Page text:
The reality of British public transport

A warning to all about the Greenie enthusiasm for buses and trains. Even semi-privatization has not helped

I always swore not to write one of these grumpy holiday-return pieces. I am aware that plenty of my fellow citizens don't even get a week's respite from slum-Britannia, and to them I apologise. But this sense of reduced citizenship is not confined to travellers, so maybe it is worth recording what the sharpened senses perceive.

The most striking thing, obviously, is public transport. Under a Government that repeatedly nags us to get out of our cars, and that has failed to reverse its predecessor's disastrous privatisation, too much train travel is physically and psychologically nasty. Mainline fares have just risen by between 4.3 per cent and 7 per cent. Last year's rises were between 3.7 and 8.8 per cent. In return we get squalor (often) and insult (occasionally). After being wafted serenely 500 miles across Europe on fast, clean trains with smiling staff, our party crossed to Liverpool Street on a busy Saturday to find only one train an hour on the main line towards Ipswich and Norwich. Inconsiderately "scheduled" engineering works meant that at Colchester it was replaced by a bus.

The train, slow and grubby and without a ticket inspector to keep order, was packed with snoring lads belching and resting their feet on seats, their beer-cans rolling and leaking across the floor while quieter travellers resignedly tried to keep their children's feet out of the mess, or sat on their baggage by the door. At Colchester there were buses, but only one with a luggage hold; we did all right but my brother's family were ordered to put their heavy bags in one bus, then unload them all again because there were no seats, then switch to an ancient double-decker where cases were piled in the aisle, blocking any escape route. Which was a shame, since the vehicle then began leaking exhaust fumes into its lower deck as it bucketed down the A12, causing passengers to cough and gasp and one, recovering from a chest infection, to feel seriously ill. Through the fumes of carbon monoxide loomed a large sign announcing a fine of 1,000 pounds for smoking.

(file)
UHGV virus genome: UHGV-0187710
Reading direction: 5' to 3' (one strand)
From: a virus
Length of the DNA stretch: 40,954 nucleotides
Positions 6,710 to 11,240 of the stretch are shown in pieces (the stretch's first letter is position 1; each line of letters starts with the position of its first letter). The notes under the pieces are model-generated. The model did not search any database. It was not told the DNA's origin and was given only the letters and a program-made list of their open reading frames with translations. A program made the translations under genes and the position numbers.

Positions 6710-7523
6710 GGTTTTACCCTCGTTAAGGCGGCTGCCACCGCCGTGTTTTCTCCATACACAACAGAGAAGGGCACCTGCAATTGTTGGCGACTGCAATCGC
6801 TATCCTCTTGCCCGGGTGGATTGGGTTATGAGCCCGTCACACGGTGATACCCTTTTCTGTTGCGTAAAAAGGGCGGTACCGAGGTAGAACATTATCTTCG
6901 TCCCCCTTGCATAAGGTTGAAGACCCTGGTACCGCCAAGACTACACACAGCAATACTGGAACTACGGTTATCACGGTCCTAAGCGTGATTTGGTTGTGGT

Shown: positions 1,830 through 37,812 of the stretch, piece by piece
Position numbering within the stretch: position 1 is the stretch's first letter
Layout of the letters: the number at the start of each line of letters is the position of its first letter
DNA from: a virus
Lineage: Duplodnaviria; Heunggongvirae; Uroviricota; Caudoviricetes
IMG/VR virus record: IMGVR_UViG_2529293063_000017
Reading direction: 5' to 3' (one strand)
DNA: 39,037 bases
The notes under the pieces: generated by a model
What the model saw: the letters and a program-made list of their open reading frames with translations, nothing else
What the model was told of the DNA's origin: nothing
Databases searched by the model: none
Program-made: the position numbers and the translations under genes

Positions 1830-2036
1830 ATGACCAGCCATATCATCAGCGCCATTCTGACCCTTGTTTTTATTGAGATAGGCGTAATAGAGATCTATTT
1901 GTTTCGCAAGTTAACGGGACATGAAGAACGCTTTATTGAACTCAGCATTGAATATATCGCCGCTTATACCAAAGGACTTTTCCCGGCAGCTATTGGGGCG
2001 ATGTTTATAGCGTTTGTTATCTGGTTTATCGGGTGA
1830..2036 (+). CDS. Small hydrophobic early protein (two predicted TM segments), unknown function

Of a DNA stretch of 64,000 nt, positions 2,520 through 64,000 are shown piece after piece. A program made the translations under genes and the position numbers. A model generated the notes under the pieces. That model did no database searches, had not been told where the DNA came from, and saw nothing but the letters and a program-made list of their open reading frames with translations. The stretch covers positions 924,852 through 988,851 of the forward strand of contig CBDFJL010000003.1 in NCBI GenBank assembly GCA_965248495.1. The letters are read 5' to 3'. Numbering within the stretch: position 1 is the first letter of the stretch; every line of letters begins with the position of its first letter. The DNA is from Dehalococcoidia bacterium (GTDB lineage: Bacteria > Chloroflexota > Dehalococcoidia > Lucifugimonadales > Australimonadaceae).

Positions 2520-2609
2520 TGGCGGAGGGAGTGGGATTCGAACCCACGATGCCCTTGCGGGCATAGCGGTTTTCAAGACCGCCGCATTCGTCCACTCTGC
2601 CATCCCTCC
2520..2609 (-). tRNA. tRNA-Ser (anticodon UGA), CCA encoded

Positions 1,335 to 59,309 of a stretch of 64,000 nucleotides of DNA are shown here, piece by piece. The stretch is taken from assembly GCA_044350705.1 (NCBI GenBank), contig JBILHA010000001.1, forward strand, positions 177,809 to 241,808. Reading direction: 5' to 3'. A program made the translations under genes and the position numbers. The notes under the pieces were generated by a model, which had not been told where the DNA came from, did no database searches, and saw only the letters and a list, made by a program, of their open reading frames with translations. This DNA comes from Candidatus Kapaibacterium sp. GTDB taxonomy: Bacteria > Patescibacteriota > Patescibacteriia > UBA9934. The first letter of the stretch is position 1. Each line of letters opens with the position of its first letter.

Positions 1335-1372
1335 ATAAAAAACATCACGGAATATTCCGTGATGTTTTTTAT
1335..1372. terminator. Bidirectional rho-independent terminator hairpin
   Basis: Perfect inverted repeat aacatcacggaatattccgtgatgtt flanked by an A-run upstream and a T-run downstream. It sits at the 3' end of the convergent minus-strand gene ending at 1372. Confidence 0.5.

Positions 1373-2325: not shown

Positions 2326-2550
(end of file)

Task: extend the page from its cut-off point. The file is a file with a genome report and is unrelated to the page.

This tone of reprimand mingled with disregard, all too familiar to anyone who deals with British institutions, was continued when they stumbled out and reported the safety problems to the "duty supervisor". She snapped that it was nothing to do with her because the buses were subcontracted. The idea that her company had charged a full railway-comfort fare and provided a journey on a poisonous cramped bus seemed not to occur to her. Minutes later, coughing and struggling to load their car on an empty forecourt, they were accosted by the same official and vengefully told to move on.

Well, sometimes things go better. But that combination of official self-righteousness with contempt for the client-citizen is too familiar. Think of local authority decisions to collect the filthiest garbage only once a fortnight even in high summer, and soon charge by weight. Think what happens when you try to reduce that weight by telling the Royal Mail not to deliver sackfuls of unaddressed circulars: you get a threatening message telling you that if you opt out of double-glazing flyers you will miss "leaflets from Central and Local Government and other public bodies" because they refuse to separate these. So you won't know when your dustbin or surgery day changes.

And it'll be your fault. Everything is always your fault, in Britain. Never mind that your water company paid its directors huge bonuses rather than fix its pipes: the shortage is your fault for having baths. The theory behind Thatcherite privatisations was, I vaguely remember, that we would get better service if we were customers not sharers; in some cases it worked (it took the old GPO weeks to install a phone, and BT speeded things up). But in many cases - railways, airports, car parks, water, power, PFIs that overspend and put our children in hock for decades, NHS and Whitehall consultancies - the arrogance of state monopoly simply blends with the greediness of commerce to produce a hideous all-British hybrid in which the key principle is worship of its own systems and contempt for the public. John Major dimly saw this when he set up citizen's charters and cones hotlines; but the momentum was already too great.



No comments:

Post a Comment

All comments containing Chinese characters will not be published as I do not understand them